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Police Officers Guarding Polio Workers Killed in Karachi, Pakistan

by Wajahat S. Khan and Mushtaq Yusufzai /  / Updated 
Image: Karachi attack
Security personnel gather around a police van after the attack by gunmen in Karachi, Pakistan, on Wednesday.ASIF HASSAN / AFP - Getty Images

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ISLAMABAD, Pakistan — Gunmen killed seven police officers guarding polio workers in twin attacks in Karachi, Pakistan Wednesday, according to officials.

Image: Karachi attack
Security personnel gather around a police van after the attack by gunmen in Karachi, Pakistan, on Wednesday.ASIF HASSAN / AFP - Getty Images

"These were trained assassins," said Feroz Shah, the city's deputy chief of police.

He said three of the officers, who were all wearing bulletproof jackets, died at the scene after being shot at close range in the head and neck. Four others died on the way to the hospital, he added.

None of the health workers were killed in the attacks, in the working-class suburb of Orangi Town, Senior Superintendent of Police Arif Meher said.

"We are treating this as a hit targeting police," he added.

Pakistan is one of the last countries where polio, which causes paralysis and death, is still endemic. Dozens of people have been assassinated in a drive by militants to prevent vaccinations. Health teams in many parts of the country travel with armed guards.

Related: Bomb Blast Kills 14 at Polio Center in Pakistan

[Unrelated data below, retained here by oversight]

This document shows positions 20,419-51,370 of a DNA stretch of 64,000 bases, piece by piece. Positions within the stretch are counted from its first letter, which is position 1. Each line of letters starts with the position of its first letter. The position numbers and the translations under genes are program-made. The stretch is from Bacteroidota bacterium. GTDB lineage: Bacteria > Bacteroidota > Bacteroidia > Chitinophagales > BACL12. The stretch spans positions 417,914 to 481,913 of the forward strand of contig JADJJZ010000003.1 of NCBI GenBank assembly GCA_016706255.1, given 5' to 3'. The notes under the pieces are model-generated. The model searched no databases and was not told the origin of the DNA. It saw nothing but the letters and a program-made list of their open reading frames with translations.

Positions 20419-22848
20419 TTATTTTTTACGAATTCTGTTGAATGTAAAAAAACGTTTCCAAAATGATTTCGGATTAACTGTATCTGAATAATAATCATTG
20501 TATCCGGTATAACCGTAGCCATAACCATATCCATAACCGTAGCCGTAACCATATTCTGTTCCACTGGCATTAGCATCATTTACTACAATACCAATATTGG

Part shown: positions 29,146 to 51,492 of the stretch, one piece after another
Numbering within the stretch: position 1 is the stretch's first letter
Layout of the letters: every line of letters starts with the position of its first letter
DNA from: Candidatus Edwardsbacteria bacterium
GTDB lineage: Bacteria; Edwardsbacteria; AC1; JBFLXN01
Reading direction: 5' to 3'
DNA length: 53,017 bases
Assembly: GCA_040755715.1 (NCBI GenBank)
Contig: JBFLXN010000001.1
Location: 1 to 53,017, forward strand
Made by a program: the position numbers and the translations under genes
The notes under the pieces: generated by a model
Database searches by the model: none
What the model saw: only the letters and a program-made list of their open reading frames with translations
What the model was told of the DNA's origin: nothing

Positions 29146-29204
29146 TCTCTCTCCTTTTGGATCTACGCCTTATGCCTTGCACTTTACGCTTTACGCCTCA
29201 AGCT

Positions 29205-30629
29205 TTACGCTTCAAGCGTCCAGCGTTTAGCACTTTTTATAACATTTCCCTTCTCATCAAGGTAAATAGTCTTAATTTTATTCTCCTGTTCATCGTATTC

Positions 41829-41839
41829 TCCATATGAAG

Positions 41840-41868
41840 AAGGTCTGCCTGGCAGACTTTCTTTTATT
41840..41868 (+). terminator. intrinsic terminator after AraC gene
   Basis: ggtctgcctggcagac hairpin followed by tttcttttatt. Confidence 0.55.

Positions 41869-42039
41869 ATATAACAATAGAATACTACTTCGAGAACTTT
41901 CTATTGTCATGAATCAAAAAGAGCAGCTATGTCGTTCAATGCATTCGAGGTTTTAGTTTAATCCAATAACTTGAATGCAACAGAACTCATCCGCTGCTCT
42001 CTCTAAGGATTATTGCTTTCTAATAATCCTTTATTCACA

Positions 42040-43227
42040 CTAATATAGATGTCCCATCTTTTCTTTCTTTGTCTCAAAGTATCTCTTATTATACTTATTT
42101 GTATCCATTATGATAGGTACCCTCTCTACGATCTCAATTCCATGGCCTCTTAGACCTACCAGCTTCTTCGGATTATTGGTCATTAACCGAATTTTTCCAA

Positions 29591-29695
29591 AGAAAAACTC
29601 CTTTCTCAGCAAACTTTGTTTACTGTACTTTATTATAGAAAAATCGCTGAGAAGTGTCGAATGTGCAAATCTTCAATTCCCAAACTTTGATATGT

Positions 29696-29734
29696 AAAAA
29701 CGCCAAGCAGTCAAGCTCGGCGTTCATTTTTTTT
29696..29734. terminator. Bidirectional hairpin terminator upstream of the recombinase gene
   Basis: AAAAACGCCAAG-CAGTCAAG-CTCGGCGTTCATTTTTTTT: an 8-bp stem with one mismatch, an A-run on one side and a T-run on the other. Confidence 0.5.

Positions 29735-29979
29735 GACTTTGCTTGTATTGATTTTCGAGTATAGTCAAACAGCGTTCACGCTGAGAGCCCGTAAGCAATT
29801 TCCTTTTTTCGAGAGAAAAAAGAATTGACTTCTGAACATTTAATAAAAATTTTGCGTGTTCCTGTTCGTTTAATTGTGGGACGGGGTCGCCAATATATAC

The killings were claimed by a Taliban splinter group of the Pakistani Taliban, Tehreek-e-Taliban Pakistan Jamaatul Ahrar (TTP-JA).

"Both the police and polio workers are on our hit list as we consider polio vaccination against the Islamic sharia and will therefore kill them wherever we find them," the group's spokesman, Ehsanullah Ehsan, told NBC News on the telephone.

TTP-JA also claimed responsibility for a suicide attack at children park in Lahore on that killed at least 73 people on March 27.

The Taliban and some clerics have come out against the vaccinations, accusing polio workers of being spies for the U.S. and claiming they are part of a Western plot to sterilize children.

Attacks on vaccination teams grew after Pakistani doctor Shakil Afridi was arrested on charges of running a fake hepatitis vaccination campaign in Abbottabad as a cover for a CIA-backed effort to obtain DNA samples from a home where Osama bin Laden was later killed by U.S. Navy SEALs.

Prime Minister Nawaz Sharif's office swiftly condemned Wednesday's killings and vowed to continue with the vaccination campaign.

"The prime minister offered his condolences to the bereaved families and prayed for the eternal peace of the departed souls," the statement read. "The entire nation will fight against these cowards with unity and ... resolve."

Police posted a $50,000 reward for information identifying the suspects.

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